President Donald Trump apparently did not get Teddy Roosevelt’s memo about speaking softly and carrying a big stick. Of all the threats that he has made since his tenure as 45th President of the United States of America began, the threat to cut off all trade with any country doing business with North Korea is, inarguably, the most unrealistic.
To see exactly why, let’s examine just the numerical consequences of proceeding with such a move. According to the Massachusetts Institute of Technology’s Atlas Media, the top export destinations of North Korea are China, India, Pakistan and Burkina Faso. The top import origins are China, India, Russia, Thailand and the Philippines.
Taken at its word then, all trade with China, India, Pakistan, Burkina Faso, Russia, Thailand and the Philippines would have to be suspended until further notice. The total dollar amount of goods exported to these countries in 2016 was $170 billion. The total dollar amount of goods imported from these countries in 2016 was $566 billion.
The most glaring thing to analyze first about these numbers is the total trade deficit with all these countries, which amounts to $396 billion last year, and which will grow in 2017 assuming trade is not stopped. A trade deficit of $396 billion is not a bad thing so long as dollars are still excepted by these countries in order to pay for it. But if those dollars are no longer being sent abroad to pay for trade deficits, they will simply stay in the United States.
The result will be twofold: First, a much higher money supply within the United States, raising consumer prices from the monetary supply side, and second, much fewer goods within the United States from lack of imports, raising consumer prices from the goods supply side. Not to mention a domino line of bankruptcies for firms reliant on exporting to these countries and importing from them.
The immediate effects of a suspension of trade with any country doing business with North Korea would be quite catastrophic then, making the chances of it ever happening quite low. However, on the very small chance that it or something like it happens like a suspension of trade with China (by far the largest trading partner of any of these countries) for even a short time, the biggest losers will be retail and industrials reliant on Chinese machinery, and the biggest winners will be American firms that produce goods normally imported from China.
The top import categories from China in 2016, according to the Office of the United States Trade Representative, were electrical machinery ($129 billion), general machinery ($97 billion), furniture and bedding ($29 billion), toys and sports equipment ($24 billion), and footwear ($15 billion). The top export categories are agriculture, aircraft, machinery and cars. This means that the firms that would suffer the most are in the semiconductor, agricultural, aircraft and automotive sectors.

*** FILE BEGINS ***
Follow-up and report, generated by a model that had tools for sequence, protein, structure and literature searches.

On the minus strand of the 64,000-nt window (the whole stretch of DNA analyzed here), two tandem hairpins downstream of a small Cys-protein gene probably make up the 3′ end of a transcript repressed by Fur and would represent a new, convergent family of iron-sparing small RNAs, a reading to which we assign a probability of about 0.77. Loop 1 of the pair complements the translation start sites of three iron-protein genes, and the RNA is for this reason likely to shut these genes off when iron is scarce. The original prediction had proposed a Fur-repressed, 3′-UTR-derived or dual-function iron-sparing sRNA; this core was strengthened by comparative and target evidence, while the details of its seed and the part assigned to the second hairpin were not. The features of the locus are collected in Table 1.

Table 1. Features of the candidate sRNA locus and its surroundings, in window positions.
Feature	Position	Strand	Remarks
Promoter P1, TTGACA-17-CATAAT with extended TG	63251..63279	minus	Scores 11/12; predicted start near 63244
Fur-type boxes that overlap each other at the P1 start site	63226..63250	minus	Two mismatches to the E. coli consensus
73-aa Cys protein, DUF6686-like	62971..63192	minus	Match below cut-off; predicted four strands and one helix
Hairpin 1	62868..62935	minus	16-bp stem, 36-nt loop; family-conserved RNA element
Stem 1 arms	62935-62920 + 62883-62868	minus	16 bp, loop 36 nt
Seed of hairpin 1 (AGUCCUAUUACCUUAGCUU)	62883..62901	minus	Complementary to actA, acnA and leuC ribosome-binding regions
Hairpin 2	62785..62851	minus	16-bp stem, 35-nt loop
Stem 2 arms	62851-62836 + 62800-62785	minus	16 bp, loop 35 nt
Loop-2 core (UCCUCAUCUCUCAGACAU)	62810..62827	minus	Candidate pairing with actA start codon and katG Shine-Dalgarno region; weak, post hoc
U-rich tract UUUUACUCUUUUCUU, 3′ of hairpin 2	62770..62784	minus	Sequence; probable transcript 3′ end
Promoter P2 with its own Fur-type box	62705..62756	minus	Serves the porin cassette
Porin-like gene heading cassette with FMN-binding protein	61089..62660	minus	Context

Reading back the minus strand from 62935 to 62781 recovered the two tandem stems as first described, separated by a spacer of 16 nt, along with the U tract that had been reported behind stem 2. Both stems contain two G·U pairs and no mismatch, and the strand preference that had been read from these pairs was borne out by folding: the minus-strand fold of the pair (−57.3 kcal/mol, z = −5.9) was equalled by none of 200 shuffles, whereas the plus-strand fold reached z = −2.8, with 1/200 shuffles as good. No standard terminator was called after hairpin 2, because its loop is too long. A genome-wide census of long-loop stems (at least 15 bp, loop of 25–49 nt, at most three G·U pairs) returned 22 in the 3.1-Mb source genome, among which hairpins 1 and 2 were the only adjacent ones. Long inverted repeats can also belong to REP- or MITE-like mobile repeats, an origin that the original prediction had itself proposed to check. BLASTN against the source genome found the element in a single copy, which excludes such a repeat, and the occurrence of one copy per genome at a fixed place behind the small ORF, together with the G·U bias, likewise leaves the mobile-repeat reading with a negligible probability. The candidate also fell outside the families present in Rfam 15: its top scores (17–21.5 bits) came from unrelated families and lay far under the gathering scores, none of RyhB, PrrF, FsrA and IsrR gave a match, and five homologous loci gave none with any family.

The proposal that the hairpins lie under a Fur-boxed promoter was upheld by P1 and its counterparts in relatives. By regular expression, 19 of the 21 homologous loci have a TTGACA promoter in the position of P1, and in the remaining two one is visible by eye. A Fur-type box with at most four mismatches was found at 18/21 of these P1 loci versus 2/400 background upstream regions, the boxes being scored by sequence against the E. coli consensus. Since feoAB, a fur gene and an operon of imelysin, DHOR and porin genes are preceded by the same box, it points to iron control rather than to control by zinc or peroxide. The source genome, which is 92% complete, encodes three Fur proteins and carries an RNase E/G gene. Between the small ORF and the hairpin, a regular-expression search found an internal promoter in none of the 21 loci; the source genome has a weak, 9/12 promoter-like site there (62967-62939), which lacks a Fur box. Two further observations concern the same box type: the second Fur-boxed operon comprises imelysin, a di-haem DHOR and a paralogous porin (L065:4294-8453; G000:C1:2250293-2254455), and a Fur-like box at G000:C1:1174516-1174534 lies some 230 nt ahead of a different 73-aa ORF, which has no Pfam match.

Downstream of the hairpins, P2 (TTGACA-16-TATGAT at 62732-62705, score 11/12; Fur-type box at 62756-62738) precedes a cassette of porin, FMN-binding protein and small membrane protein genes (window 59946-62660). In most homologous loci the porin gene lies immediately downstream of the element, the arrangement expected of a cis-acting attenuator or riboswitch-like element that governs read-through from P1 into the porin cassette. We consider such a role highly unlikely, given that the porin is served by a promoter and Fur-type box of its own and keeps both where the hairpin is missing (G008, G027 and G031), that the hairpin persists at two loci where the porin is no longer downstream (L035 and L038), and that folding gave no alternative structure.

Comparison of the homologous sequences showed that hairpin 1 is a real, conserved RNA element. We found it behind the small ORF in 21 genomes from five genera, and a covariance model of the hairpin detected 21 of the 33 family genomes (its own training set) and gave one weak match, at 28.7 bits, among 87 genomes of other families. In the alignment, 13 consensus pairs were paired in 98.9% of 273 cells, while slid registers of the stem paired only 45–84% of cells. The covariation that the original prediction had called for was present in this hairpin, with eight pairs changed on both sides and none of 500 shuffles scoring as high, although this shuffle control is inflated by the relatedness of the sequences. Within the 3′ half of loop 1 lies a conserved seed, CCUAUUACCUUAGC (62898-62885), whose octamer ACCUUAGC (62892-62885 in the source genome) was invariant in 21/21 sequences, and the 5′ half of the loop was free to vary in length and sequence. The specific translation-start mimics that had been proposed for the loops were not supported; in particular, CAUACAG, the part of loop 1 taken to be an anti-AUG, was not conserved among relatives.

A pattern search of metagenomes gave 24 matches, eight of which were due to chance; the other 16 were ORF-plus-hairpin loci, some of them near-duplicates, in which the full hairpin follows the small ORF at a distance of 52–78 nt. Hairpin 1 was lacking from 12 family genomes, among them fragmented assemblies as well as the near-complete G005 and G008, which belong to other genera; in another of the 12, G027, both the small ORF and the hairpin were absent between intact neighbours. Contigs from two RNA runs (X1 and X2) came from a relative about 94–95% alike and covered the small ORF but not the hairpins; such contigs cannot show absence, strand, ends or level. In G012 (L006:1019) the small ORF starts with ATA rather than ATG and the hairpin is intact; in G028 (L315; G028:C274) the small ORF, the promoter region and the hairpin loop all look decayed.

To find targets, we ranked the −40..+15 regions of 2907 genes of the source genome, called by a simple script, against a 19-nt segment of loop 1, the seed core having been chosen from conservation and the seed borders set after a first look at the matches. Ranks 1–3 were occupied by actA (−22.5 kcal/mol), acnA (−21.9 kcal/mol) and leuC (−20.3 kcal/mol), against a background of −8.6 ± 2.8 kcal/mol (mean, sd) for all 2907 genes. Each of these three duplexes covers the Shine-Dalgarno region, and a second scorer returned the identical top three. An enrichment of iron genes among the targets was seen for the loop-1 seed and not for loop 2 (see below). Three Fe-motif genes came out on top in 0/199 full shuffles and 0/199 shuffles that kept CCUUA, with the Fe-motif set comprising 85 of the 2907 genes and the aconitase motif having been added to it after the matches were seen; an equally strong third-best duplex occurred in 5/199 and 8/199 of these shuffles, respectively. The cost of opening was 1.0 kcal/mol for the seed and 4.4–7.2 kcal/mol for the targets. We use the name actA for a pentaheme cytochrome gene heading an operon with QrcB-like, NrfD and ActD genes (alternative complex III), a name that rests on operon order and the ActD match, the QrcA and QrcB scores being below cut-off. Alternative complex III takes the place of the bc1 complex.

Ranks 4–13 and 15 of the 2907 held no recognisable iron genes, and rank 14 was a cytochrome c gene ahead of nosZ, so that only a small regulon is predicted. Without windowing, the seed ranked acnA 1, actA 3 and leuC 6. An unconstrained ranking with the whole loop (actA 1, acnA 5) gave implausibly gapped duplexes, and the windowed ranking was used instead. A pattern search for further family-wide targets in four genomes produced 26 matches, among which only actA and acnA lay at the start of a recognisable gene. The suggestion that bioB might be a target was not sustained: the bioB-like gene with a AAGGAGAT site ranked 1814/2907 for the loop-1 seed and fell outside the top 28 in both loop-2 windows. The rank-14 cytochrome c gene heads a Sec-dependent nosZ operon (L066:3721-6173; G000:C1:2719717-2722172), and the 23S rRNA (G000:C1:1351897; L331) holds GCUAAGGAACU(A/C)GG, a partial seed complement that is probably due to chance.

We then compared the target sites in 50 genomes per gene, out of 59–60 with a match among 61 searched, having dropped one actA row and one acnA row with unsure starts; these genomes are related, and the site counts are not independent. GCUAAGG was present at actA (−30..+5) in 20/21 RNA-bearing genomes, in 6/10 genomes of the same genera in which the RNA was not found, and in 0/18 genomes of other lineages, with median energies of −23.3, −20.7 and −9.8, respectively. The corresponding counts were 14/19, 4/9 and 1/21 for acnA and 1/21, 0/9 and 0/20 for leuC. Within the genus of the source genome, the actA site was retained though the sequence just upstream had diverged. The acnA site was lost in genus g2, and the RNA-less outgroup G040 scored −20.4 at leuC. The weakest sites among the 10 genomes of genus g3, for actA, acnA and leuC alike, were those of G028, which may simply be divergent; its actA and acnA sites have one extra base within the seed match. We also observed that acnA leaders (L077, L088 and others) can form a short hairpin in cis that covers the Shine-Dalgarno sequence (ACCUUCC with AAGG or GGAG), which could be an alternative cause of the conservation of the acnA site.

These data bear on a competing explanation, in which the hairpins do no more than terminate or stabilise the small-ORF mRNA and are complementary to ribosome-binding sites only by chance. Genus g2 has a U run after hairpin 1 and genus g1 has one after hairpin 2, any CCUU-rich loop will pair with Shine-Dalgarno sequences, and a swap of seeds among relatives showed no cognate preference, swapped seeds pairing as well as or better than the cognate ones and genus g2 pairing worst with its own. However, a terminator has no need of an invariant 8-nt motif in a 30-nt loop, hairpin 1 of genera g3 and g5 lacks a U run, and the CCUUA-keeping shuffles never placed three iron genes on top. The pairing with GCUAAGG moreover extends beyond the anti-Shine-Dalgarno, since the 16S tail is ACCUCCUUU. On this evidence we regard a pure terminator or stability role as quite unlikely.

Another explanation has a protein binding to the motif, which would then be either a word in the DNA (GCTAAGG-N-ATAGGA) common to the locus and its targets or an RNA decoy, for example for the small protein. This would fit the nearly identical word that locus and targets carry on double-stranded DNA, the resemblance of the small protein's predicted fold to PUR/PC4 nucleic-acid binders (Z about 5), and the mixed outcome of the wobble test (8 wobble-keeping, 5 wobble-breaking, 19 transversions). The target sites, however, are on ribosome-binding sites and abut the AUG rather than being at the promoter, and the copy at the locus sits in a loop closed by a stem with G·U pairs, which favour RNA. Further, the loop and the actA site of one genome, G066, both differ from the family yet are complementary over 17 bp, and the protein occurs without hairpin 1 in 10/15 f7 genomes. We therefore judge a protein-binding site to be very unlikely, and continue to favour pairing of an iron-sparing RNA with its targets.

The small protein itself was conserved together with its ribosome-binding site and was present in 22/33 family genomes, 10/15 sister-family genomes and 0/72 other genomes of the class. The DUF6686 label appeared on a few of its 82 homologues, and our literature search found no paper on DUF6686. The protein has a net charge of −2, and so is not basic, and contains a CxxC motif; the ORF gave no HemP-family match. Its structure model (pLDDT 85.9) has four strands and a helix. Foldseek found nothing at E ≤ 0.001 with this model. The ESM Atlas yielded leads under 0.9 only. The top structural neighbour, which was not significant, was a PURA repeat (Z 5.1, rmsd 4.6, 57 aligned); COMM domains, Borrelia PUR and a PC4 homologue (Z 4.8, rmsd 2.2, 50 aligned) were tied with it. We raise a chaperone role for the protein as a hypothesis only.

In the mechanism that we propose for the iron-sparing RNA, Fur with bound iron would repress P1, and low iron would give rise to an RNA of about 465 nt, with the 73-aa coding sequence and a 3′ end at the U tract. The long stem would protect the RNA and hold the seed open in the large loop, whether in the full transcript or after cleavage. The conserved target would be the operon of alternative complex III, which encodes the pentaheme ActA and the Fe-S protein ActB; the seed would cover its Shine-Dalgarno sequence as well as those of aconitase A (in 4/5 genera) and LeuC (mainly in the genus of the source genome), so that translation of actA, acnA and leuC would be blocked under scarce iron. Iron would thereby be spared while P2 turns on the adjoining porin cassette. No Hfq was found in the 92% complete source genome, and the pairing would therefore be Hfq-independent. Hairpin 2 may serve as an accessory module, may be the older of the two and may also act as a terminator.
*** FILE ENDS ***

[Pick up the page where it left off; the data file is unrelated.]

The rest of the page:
Expect agricultural firms such as Monsanto Co. (NYSE: MON), tech firms like Microsoft Corp. (NASDAQ: MSFT), aircraft companies like Boeing Co. (NYSE: BA), automotive General Motors Co. (NYSE: GM) and its domestic competitors all to plummet if there is any sort of progress made in such sweeping trade restrictions, even if they are just rumors.
On the upswing will be commodities and hard assets, and U.S. firms that manufacture them. Domestic oil firms and miners will get a huge if temporary boost, and the U.S. dollar will plummet. Price inflation would spike higher and U.S. Treasury yields would spike as well, forcing the Federal Reserve to monetize, which could further exacerbate price inflation.
It is of course extremely unlikely that the president would go ahead with a move like this, and even if he wanted to it would probably be scuttled somewhere along the executive corridors of power. For now, it seems that mere rumors of such a move will gyrate the stock prices of these companies in the short term, until all this belligerent talk is over and stocks go back to what they were doing beforehand.
In a word, it looks like this will be a trader’s market until geopolitical storms start dying down and trends can be restored.
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